Graduate Industrial Design
About the Program
Ultimately, design is about human beings, individually and collectively, supplying propulsion to idealistic, aesthetic, and practical ideas, and the passion of creating, understanding, and sharing the work we do.
Pratt’s Master’s program in Industrial Design (ID), consistently ranked in the top 10 in the U.S. by U.S. News and World Report and DesignIntelligence, is open to candidates holding bachelor’s degrees in any area, including science, humanities, engineering, business, architecture, fine arts, design, and liberal arts—with or without design experience. The result is a student body that represents a wide range of educational backgrounds. This rich tapestry of influences—coupled with grounding in traditional design skills, conceptualization, research, and design processes—prepares our graduates to become leaders who question, explore, and expand the relevance and excitement of this discipline. Our students are a select group who understand that creativity is a serious business. They come to Pratt ready to work hard, to prepare themselves for a field where the designer must be able to provide innovative professional design solutions. They become leaders and entrepreneurs in industrial design as they confront the impact of technology and innovation, and explore the relationship of design ethics and sustainable strategies within contemporary culture.
The faculty is composed of practicing design professionals whose areas of expertise include furniture, lighting, architecture, exhibition, products, graphics, tabletop, video, automotive, medical equipment, packaging, and surface design. While each faculty member within the program has his or her particular path, there is a growing understanding that, in the design profession, disciplines often cross lines. The faculty’s diversity, combined with that of the student body, creates a vibrant community of visual researchers re-defining the role of industrial design in society.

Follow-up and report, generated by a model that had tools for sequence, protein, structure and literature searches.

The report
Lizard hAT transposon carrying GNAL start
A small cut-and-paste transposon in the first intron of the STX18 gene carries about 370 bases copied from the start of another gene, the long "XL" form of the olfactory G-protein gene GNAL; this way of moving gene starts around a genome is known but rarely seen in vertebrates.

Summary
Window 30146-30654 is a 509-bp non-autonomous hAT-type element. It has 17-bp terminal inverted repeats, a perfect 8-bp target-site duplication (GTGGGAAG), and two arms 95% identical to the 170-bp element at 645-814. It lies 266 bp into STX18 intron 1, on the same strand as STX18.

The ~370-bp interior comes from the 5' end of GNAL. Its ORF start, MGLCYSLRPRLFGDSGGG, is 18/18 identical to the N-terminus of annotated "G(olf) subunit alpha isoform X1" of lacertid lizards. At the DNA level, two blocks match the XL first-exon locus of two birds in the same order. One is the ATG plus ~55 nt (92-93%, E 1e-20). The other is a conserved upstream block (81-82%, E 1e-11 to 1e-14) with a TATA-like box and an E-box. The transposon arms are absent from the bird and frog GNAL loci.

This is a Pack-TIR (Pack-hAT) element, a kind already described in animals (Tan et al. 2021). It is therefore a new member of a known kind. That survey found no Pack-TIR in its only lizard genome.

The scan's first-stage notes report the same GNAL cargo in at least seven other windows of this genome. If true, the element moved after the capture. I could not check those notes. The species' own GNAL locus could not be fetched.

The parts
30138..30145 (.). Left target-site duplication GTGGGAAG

At Pratt, Industrial Design students and faculty share a common goal: to encourage individual growth to its highest potential. The many courses offered at Pratt enable students to fully develop their interests
and talents. Students choose core studio courses—focusing on product, furniture, strategy, exhibition, and tabletop design—to develop a clear understanding of aesthetics, creating objects and experiences of enduring value and meaning that embody respect and sensitivity for people and their environment. Our mission is to teach aesthetic value through abstraction and form development as well as pragmatism, focusing on the principles of accessibility, responsibility, and creativity. Design projects and problems—including those that focus on social responsibility, universal accessibility, marketing, production, cultural heritage, and aesthetic content—represent the varied texture of Pratt’s New York City location. Pratt also maintains strong ties to industry through corporate-supported programs. Fortune 500 companies are regular sponsors of Pratt ID competitions and studios, offering subjects from re-thinking the user experience to business strategy, bringing essential industry knowledge into the classroom. Internships in design consultancies and corporate offices are encouraged, and have proved to be valuable learning experiences that cannot be duplicated in a purely academic setting.
GID: Global Innovation Design
Beginning in the 2013-2014 academic year, a select group of ID graduate students will be offered the opportunity to spend their entire second year abroad for full credit: the fall semester at Keio University in Tokyo and spring semester at the Royal College of Art (RCA) in London, as part of the new Global Innovation Design (GID) program. This groundbreaking international study partnership will also allow students from London and Tokyo to spend a semester at Pratt. At Keio, studies will be devoted to media design and culture, utilizing the school’s advanced facili- ties, including prototyping and robotics.
In London, the curriculum will focus on engineering and invention. The Pratt com- ponent will emphasize the core principles of industrial design. The Pratt students will then return to New York to complete their final two semesters of thesis work and required courses. In addition to their local studies, students at each location will collaborate globally on a large-scale project. By capitalizing on the expertise of each participating school and the distinct cultures of the three locations, the GID program will give students a unique perspective on global design and entrepreneurship.